"R" means resistance to heat flow. The higher the R-Value, the greater the insulating power. The amount of insulation you needs depends on the climate you live in. Also, fuel savings from insulation will depend upon the climate, the type and size of your home, the amount of insulation already in your home, your fuel use patterns and family size. All insulation materials are designed at certain thicknesses based on R-Value and application locations. Please note, installing a higher R-Value material into a smaller cavity than what its designed for does not mean that you gain a higher R-Value. It actually lowers it, as the material becomes smashed in the cavity and is less productive.
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Past Building Science Topics:
Do new windows save you money on your utility bills?
I'm sure you have seen window commercials claiming that they save customers “50% to 60% or even more!!! On energy bills." In return you have not heard them give an actual percentage number on savings in dollars. That is because they have found themselves in some hot water about the claims. In some limited case studies that claim can be true. However in most cases windows are lower on the priority list in an energy upgrade viewpoint for return on investment (ROI). This is not to say that upgrading windows is not a good idea for many reasons, however from a pure energy standpoint and an energy consumption standpoint, it is better to address leakage into the attic space first. Attic air leakage is the primary “driver” for the need to draw in “make up” air, usually felt as a “draft” to the occupants.
Now on the Building Science side of things, with the subject of esthetics aside, we look at the assemblies of systems in the home and can calculate an R-(resistance) Value for that particular assembly. For example an un-insulated 2x4 wall with stucco and drywall still has an R value of Say R 3.5. If you were to fill the stud bays with R-13 insulation, keeping in mind that the wood framing cannot be removed and deducts from the overall assembly R value, the entire wall may now be an R-10 assembly. If you put in a few new windows, you reduce that R-Value again depending on the SF of window area and the R-Value of that window. So now you are down to a R-9 complete wall assembly. If the new window you had installed is an R-3 double pane aluminum window, it may look ugly and not operate well, but if it seals shut and is intact, then the R value is still good.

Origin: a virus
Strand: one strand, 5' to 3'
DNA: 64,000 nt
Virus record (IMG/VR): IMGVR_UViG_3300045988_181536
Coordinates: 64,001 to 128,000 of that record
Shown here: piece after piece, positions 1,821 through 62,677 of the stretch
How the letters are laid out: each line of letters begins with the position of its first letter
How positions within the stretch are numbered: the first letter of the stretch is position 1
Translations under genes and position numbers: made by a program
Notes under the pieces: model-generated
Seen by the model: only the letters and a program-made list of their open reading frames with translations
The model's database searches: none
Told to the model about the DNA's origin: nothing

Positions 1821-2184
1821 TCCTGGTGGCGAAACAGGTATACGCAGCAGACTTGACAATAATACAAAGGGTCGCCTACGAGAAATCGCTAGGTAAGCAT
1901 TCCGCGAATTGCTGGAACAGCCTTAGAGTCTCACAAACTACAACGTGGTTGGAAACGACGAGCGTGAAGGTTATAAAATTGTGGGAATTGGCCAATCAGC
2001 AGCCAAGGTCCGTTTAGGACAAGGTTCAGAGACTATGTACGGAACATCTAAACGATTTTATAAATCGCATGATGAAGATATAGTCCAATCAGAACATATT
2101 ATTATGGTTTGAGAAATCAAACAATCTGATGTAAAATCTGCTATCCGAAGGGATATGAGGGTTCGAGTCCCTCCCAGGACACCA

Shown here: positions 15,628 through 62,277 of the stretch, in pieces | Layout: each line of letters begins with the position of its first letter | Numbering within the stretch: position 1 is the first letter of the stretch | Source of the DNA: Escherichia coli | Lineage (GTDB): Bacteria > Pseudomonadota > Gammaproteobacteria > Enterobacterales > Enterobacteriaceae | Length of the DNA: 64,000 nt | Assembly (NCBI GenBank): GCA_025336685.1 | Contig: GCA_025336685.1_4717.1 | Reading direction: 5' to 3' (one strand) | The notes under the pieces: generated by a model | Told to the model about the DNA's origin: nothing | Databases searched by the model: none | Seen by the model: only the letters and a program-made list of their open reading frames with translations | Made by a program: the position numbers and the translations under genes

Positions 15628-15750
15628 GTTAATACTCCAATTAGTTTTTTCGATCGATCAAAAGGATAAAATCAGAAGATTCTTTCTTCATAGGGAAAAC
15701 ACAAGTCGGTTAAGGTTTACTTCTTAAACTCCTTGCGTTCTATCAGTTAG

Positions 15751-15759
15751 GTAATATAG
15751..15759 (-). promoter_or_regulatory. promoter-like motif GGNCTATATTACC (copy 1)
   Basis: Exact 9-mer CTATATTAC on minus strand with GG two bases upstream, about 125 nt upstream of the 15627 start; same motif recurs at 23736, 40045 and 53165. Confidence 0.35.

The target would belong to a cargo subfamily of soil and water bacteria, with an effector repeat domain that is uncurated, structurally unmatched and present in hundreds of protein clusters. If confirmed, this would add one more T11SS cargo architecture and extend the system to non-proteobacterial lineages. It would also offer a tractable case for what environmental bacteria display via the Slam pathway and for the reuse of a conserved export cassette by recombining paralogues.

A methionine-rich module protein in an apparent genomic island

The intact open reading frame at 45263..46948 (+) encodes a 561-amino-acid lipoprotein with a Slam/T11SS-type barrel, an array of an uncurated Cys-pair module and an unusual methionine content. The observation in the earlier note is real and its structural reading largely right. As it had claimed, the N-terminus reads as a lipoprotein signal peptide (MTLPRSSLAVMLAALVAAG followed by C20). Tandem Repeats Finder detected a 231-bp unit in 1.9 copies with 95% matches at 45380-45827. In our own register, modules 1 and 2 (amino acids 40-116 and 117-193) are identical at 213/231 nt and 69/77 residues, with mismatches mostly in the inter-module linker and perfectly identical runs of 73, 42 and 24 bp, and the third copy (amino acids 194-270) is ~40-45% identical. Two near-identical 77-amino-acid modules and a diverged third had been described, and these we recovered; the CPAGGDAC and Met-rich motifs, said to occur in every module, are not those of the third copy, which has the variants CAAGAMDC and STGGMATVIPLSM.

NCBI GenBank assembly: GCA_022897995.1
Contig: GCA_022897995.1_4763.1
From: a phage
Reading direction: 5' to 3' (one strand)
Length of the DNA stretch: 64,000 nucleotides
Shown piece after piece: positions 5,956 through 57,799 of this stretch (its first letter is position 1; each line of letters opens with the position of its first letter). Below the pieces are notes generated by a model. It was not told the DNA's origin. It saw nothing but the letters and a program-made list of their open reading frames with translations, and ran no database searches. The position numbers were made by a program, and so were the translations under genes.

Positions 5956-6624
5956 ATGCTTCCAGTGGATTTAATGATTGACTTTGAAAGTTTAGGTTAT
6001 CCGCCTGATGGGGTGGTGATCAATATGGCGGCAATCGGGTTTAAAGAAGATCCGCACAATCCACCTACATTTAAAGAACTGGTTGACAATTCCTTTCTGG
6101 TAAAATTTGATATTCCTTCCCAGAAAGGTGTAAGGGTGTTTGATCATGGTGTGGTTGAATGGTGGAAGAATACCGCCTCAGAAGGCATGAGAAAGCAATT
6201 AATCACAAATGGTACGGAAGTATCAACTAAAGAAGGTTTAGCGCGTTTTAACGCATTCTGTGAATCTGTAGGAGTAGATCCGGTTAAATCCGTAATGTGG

Continuing from the example above, if you were to upgrade an existing window to say an R-6 window (a good modern window) you have now only increased that specific space's R value. The wall itself it still un-insulated, the new window doesn't effect the overall R value of the entire wall assembly, it only effects the window opening. Lets say after the new R-6 window is installed and the wall interior/exterior is completed, your now back up to a R-10 total wall assembly rating. The cost to achieve that small increase in R-Value does not pencil out in energy savings for several years.
Air sealing the remainder of the home, allowing any air infiltration to occur at windows is a better strategy for a number of reasons; 1. Elimination or reduction of the “stack effect” where air is pulled up into the attic causing drafts from colder areas or crawl space. 2. Allowing for makeup air to be pulled from windows or around doors (if at all) at least knowing that air is clean outdoor air and not from suspect areas, such as dirty attic.
Do new windows save you money?
Window replacement can save money in situations where the old windows no longer close properly or are in seriously bad condition. Otherwise it is a long term investment related directly to looks, value, noise control and others aspects of the home, but not a great investment in pure energy savings and energy efficiency.
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